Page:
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Focus on TB-HIV co-infection: Anbumani

Saturday 25 March 2006

Special Correspondent

50 to 60 per cent of the HIV-positive more vulnerable to tuberculosis; standardised, good quality treatment to be provided to TB patients

National action plan being implemented in a phased manner Community-based surveys among new and re-treatment cases

NEW DELHI: India has achieved 100 per cent coverage under the Revised National TB Control Programme (RNTCP) and it now aims at widening the scope for providing standardised, good quality treatment and diagnostic services to all tuberculosis patients.

"The focus will now be on addressing the TB-HIV co-infection - as 50 to 60 per cent of HIV-positive people are more prone to [contracting] tuberculosis - and tackling multi-drug resistant cases," Union Health and Family Welfare Minister Anbumani Ramadoss told reporters after releasing the RNTCP Status Report for India, 2006, here on Friday to mark World TB Day.

He said a national action plan for TB-HIV coordination was being implemented in a phased manner. In the first phase, the six high-HIV prevalent States of Maharashtra, Tamil Nadu, Andhra Pradesh, Karnataka, Manipur and Nagaland were identified for implementation.

The services are being provided for HIV-infected TB patients under the same roof by establishing critical linkages between Voluntary Counselling and Testing Centres and the RNTCP Designated Microscopy Centres by involving non-governmental organisations.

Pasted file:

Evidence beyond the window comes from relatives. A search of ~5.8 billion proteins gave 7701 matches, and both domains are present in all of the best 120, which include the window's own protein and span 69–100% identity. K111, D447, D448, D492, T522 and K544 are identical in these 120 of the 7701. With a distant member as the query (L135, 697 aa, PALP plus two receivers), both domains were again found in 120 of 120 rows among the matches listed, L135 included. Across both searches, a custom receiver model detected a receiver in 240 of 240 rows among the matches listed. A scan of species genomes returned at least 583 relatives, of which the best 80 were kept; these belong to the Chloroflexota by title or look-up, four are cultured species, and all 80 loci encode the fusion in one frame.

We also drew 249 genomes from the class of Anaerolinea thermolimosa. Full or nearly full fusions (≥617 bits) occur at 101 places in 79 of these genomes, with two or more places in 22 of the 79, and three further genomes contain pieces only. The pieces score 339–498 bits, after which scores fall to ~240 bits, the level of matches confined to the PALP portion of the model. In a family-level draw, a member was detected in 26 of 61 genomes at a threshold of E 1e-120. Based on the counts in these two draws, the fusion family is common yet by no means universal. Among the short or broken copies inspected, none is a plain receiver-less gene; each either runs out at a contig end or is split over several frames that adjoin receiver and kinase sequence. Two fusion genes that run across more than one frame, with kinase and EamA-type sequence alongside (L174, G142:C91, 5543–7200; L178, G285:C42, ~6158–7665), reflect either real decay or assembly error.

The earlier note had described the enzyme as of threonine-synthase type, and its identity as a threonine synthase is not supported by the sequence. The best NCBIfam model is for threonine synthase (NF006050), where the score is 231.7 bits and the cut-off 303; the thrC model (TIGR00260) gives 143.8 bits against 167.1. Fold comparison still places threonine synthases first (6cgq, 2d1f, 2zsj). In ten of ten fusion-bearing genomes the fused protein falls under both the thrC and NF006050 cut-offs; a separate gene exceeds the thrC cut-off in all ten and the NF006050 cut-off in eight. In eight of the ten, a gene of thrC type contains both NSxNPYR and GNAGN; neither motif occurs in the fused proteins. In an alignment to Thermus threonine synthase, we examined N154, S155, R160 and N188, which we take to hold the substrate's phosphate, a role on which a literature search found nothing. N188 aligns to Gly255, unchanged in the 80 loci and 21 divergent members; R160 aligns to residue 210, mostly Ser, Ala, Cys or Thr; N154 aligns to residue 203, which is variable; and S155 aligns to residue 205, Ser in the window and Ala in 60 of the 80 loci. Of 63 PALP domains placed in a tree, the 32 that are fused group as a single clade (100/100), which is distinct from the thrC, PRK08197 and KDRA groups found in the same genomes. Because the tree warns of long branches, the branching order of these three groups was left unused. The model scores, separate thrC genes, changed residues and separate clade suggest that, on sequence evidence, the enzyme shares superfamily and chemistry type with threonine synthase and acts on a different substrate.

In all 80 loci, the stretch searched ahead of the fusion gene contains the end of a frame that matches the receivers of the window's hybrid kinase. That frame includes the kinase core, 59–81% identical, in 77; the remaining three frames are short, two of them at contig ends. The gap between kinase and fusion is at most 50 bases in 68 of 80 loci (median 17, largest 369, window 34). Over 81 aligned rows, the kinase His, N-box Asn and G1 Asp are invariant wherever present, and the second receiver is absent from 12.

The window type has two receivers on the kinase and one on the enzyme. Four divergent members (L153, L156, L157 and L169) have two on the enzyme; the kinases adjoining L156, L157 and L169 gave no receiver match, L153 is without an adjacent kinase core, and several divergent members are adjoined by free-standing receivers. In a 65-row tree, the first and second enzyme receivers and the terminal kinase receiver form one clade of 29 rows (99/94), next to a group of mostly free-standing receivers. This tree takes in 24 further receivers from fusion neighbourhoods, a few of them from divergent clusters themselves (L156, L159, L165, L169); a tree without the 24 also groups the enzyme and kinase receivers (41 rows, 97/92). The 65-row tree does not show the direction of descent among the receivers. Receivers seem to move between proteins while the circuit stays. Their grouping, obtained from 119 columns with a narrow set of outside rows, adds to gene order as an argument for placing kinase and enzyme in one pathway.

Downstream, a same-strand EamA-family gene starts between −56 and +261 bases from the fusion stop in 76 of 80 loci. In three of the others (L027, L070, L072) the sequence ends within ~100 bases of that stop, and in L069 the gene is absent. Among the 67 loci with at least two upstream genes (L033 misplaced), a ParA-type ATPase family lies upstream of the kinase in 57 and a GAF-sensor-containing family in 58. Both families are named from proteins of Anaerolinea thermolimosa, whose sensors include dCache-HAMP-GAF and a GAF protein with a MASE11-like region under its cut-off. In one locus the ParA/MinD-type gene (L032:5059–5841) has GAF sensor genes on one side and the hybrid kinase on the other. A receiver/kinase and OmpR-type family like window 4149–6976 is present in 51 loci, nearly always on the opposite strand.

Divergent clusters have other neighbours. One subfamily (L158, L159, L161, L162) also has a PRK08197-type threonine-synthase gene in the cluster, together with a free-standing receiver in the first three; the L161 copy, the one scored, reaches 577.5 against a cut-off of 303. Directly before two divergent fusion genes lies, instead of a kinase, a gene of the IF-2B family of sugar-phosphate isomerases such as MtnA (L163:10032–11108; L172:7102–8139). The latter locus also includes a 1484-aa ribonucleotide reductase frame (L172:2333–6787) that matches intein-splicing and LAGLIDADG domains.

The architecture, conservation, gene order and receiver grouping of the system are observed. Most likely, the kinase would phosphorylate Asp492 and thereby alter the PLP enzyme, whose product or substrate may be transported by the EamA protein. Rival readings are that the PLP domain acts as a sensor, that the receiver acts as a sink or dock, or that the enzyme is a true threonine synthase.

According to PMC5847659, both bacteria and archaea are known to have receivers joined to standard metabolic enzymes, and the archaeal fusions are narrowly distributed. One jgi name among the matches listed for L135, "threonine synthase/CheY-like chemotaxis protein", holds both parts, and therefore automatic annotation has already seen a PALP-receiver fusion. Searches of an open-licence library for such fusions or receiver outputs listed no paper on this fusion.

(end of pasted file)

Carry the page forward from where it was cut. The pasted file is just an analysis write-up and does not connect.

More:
Monitoring methods

For drug resistance surveillance, the Ministry is conducting community-based surveys among new and re-treatment cases in Gujarat and Maharashtra. Similar programmes will be carried out in other States to help the Government monitor the impact of the programme by observing the trends in resistance.

As of now, drug resistance in new cases is less than 3 per cent and in old cases it is about 10 per cent.

Every year 1.8 million people in India develop tuberculosis and nearly 3,70,000 die from it - more than 1,000 every day. The emergence of HIV-TB co-infection and multi-drug resistant TB has increased the severity and magnitude of the TB epidemic.

Social costs

The disease has devastating social costs as well with data suggesting that each year more than 3 lakh children are forced to leave school because their parents have TB, and more than 1 lakh women with TB are rejected by their families.

With the inclusion of Bihar and Uttar Pradesh under the revised programme, the coverage has touched 100 per cent and the detection rate has crossed 70 per cent. The death rate, too, has come down to 4 per cent from 29 per cent over the years and the treatment success rate has risen from 25 per cent to 86 per cent. Since the inception of RNTCP in 1992, the programme has treated 5.45 million patients, thus saving nearly 9.8 lakh lives.

Pointing out that the country was right on the track as far as dealing with TB was concerned, Mr. Ramadoss said the World Health Organisation Report 2005 also appreciated the Indian programme by saying, "India, with the greatest burden of TB, is also the country where the most dramatic advances are being made in Directly Observed Treatment Short Courses (DOTS) expansion."

See online : The Hindu

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